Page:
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The World Can't Wait, for What Exactly?

11/02/2005 08:22 pm ET | Updated May 25, 2011

The World Can’t Wait anti-Bush administration campaign kicked off today around the country. According to the organizers, "On November 2, in 67 cities, 43 colleges and universities, and 90 high schools (at last count), people are walking out of school and work and demonstrating to drive out the Bush regime...The Miers withdrawal, Libby’s indictment, U.S. torture policy, the ongoing bloodbath in Iraq, Bush’s nomination of extreme-right wing Judge Samuel A. Alito Jr. ('Scalito') to the Supreme Court, these rapidly cascading developments show this regime is determined to 'radically remake society very quickly, in a fascist way, and for generations to come,' as the World Can’t Wait Call says. All this underscores that there’s NEVER been a regime like this in the U.S. And World Can’t Wait is unprecedented in the U.S. and historic: a movement aimed – not at this or that policy – but directly at driving out a regime. November 2 is history in the making."

I hit the protest in New York's Union Square, where about 1,000 protesters cheered the usual anti-Bush diatribe. Bush is waging "genocide" on the people of Iraq. Bush "stole" both elections. A Latino priest even claimed God was against the administration.

Despite the hyperbole, I was feeling the cause. But I walked away perplexed. What's the point here? "Drive" them where exactly?

I fear this movement may have the same messaging problem that the “Bring Them Home Now” people have. When anti-war crusaders like Cindy Sheehan say “bring the soldiers back from Iraq now” they don’t actually mean “now,” as in tomorrow, because that, of course, is physically impossible. They usually mean bring them home as soon as possible, which, of course, isn’t what the bumpersticker says. The bumpersticker says "now." Your bumpersticker and your message should match. Second problem: I’ve often found that people who say they want to“bring them home now” mean different things by “now” than others in same movement. Some mean “now” as in stop all combat operations today and start packing so our sons and daughters are home for Christmas. Others mean set a timetable for withdrawal and stick to it, and hopefully we’ll have everyone out in a year. That's confusing.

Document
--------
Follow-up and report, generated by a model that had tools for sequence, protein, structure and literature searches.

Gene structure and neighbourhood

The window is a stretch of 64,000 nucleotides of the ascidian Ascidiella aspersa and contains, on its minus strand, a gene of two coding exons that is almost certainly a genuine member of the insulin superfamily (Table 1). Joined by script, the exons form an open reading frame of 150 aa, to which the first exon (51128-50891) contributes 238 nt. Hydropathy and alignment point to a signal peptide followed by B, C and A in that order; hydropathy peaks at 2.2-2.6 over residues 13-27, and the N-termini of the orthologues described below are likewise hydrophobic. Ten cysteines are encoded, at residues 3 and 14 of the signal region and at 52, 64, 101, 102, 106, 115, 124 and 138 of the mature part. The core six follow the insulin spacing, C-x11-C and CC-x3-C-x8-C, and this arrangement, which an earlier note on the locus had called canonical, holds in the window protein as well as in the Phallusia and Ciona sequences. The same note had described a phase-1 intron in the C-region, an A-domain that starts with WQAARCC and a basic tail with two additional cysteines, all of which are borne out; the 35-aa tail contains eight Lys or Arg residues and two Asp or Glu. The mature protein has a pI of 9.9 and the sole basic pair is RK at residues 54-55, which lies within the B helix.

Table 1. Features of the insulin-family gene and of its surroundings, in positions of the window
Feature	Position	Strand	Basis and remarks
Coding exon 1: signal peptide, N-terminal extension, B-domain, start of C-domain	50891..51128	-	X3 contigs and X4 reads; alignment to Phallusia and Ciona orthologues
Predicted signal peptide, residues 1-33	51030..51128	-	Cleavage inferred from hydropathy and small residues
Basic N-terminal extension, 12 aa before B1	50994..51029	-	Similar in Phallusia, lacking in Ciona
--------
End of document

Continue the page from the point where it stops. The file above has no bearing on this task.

Same thing here. What the hell does “drive out the regime” actually mean? Impeachment? That the administration should just call it quits? They have three years left. The 22nd Amendment will be doing the driving come 2008. As much as one may want to see Bush & Co. run out of town by torch-bearing townspeople, “drive them out” is just not an effective message.

I asked a teenaged protester at the protest what she thought it meant, and she said, it was a "kick in the ego" for Bush. Huh? We're out to hurt Bush's feelings?

Frankly, I’ve lost faith in the power of street protests to bring about change, especially ones with vague and, if taken literally, completely impossible goals. And that may be my problem here. I joined the mob in Union Square, as I’ve been at almost every major anti-war protest in NYC for the last three years. But I wish we had new ideas about how to fight the power.

I shared my concerns with Russ Baker, who has a much more positive piece about the World Can't Wait movement on Tompaine.com and he wrote back, “I think a general expression of massive concern is in and of itself something. IF it grows…”

He’s got the last part right at least.